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Bad weather delays search for plane missing north of Sault Ste. Marie


John Fehr, one of the missing men, recently moved to an acreage near Vauxhall, Alta. with his family, according to a neighbour

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SAULT STE. MARIE, Ont. — Poor weather on Thursday pushed back the continued search for two Alberta-bound men and their plane missing north of Sault Ste. Marie in northern Ontario.

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Low cloud cover, poor visibility and rain delayed eight aircraft from searching for friends John Fehr and Brian Slingerland and their Piper Comanche until the early afternoon, said public affairs officer Capt. Chris Dube, the public affairs officer attached to air taskforce headquarters at Sault Ste. Marie Airport.

The focus of Thursday’s search was the Piper Comanche’s last-known position “and areas of interest,” said Dube.

Fehr and Slingerland left Delhi, Ont., for Marathon, Ont., on April 14. The pair was headed to Alberta after the plane was purchased in Delhi.

Fehr recently moved to an acreage near Vauxhall, Alta., with his family, neighbour Peter Rempel told Postmedia.

A search began that evening when they were overdue in Marathon. The plane’s last known position was about 60 kilometres north of the Sault.

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Searchers, including planes and helicopters from Royal Canadian Air Force, Canadian Coast Guard, Ontario Provincial Police and Civilian Air Search and Rescue Association, have not found the plane or located a signal from its emergency locator transmitter.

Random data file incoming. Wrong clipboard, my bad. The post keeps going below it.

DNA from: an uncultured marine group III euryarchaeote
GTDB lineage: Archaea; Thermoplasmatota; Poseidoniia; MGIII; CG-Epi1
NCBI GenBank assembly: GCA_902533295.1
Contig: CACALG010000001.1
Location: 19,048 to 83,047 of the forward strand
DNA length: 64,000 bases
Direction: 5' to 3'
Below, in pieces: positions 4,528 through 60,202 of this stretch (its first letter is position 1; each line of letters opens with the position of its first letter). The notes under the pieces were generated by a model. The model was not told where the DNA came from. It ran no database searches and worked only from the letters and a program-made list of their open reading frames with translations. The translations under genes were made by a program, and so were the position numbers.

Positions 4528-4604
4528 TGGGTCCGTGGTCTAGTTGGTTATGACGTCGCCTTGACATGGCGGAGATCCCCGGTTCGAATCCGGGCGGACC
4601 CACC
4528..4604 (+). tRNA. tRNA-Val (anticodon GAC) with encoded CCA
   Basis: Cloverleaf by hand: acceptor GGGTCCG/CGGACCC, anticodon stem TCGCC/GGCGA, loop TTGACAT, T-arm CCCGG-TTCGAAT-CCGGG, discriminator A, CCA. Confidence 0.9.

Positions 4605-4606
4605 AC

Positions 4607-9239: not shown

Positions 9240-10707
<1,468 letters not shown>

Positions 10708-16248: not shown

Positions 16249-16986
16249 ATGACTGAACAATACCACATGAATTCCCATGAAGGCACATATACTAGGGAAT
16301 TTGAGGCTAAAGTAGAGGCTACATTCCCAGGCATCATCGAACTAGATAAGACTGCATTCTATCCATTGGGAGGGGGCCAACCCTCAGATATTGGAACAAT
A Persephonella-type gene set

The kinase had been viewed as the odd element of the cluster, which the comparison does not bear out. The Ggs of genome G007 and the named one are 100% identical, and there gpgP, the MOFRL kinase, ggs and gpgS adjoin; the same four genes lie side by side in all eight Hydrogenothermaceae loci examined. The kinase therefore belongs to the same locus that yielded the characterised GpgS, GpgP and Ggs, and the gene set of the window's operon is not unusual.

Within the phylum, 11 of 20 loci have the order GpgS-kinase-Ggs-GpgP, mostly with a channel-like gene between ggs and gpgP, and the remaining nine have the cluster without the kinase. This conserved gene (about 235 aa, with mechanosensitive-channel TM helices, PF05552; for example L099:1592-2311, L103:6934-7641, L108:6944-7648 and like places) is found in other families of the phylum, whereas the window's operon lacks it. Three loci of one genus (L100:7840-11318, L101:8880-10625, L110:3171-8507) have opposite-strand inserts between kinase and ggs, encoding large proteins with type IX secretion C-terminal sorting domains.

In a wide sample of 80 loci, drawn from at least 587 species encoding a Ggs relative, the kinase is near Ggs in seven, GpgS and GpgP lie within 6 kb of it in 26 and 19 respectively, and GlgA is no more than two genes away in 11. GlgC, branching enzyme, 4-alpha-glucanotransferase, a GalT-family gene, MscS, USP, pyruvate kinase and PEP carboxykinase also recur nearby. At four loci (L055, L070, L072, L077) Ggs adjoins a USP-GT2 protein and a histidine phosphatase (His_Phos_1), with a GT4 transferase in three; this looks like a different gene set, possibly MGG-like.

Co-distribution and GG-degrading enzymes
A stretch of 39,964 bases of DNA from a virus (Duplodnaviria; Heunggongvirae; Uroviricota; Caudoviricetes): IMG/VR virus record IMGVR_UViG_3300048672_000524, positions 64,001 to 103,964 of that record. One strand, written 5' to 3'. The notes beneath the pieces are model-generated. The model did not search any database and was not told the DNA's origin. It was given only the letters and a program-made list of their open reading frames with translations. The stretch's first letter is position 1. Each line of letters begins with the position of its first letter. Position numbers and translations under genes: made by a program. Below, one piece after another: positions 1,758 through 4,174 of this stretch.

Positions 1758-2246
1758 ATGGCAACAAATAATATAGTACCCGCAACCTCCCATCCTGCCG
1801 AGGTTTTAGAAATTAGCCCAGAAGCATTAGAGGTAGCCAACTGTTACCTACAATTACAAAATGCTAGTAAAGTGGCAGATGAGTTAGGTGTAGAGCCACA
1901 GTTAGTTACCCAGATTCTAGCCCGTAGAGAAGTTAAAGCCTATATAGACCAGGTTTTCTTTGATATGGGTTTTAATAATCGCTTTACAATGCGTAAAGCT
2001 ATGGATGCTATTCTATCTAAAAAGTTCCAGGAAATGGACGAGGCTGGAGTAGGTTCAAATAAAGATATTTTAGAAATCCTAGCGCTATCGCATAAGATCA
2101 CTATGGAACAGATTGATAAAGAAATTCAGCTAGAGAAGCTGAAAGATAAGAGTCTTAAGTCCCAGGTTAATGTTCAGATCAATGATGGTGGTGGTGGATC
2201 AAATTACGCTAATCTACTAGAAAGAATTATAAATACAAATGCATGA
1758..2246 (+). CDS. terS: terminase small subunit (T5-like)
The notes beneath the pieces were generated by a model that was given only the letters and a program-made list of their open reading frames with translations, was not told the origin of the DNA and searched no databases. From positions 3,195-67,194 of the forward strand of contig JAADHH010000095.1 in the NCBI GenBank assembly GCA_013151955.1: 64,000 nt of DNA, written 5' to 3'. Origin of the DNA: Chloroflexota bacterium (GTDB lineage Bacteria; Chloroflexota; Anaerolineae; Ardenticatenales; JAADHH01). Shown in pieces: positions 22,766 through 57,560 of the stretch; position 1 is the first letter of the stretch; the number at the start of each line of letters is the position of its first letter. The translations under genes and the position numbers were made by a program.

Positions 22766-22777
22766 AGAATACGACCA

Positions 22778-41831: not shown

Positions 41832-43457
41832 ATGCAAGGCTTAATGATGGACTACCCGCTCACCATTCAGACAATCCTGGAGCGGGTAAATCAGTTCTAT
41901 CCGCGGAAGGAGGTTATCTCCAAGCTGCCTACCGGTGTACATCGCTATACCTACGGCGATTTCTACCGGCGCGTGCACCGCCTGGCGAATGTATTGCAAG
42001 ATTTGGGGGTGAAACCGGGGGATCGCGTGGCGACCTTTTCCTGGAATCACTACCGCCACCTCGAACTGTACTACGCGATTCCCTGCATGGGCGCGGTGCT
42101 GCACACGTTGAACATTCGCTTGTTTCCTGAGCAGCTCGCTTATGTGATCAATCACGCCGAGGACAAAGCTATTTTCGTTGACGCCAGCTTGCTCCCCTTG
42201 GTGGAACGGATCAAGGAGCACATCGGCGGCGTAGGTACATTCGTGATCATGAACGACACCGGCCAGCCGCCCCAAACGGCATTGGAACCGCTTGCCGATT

Each aircraft has its assigned grid to search that includes the flight path Fehr and Slingerland were taking.

Weather was also “quite challenging” when the search began on April 14, including “lots” of blowing snow and low cloud cover.

“As weather has changed we’ve had more success, especially (Wednesday) with getting nine aircraft in the air,” said Dube. “The terrain hasn’t given us any favours. It’s dense. It’s vast. It’s wooded. It’s hilly.”

A CP-140 Aurora long-range patrol plane, with advanced sensors and cameras, was part of Wednesday’s search. Data gathered from its flight could identify “different areas of interest” other aircraft could check.

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“We’re working on that information right now,” said Dube. “It’s a lot of information that we have to go over.”

Aircraft have logged “upwards of 200 hours” searching for the missing plane. How much longer the search will continue is based on multiple factors and by following National Search and Rescue Manual, said Dube.

Maj.-Gen. Eric Kenny, commander of 1 Canadian Air Division, was at the Sault airport on Wednesday for a fuel stop.

He visited the taskforce’s headquarters, was briefed on what’s been done to search for Fehr and Slingerland and checked if more help was needed, said Dube.

— With files from Brittany Gervais

btkelly@postmedia.com
On Twitter: @Saultreporter

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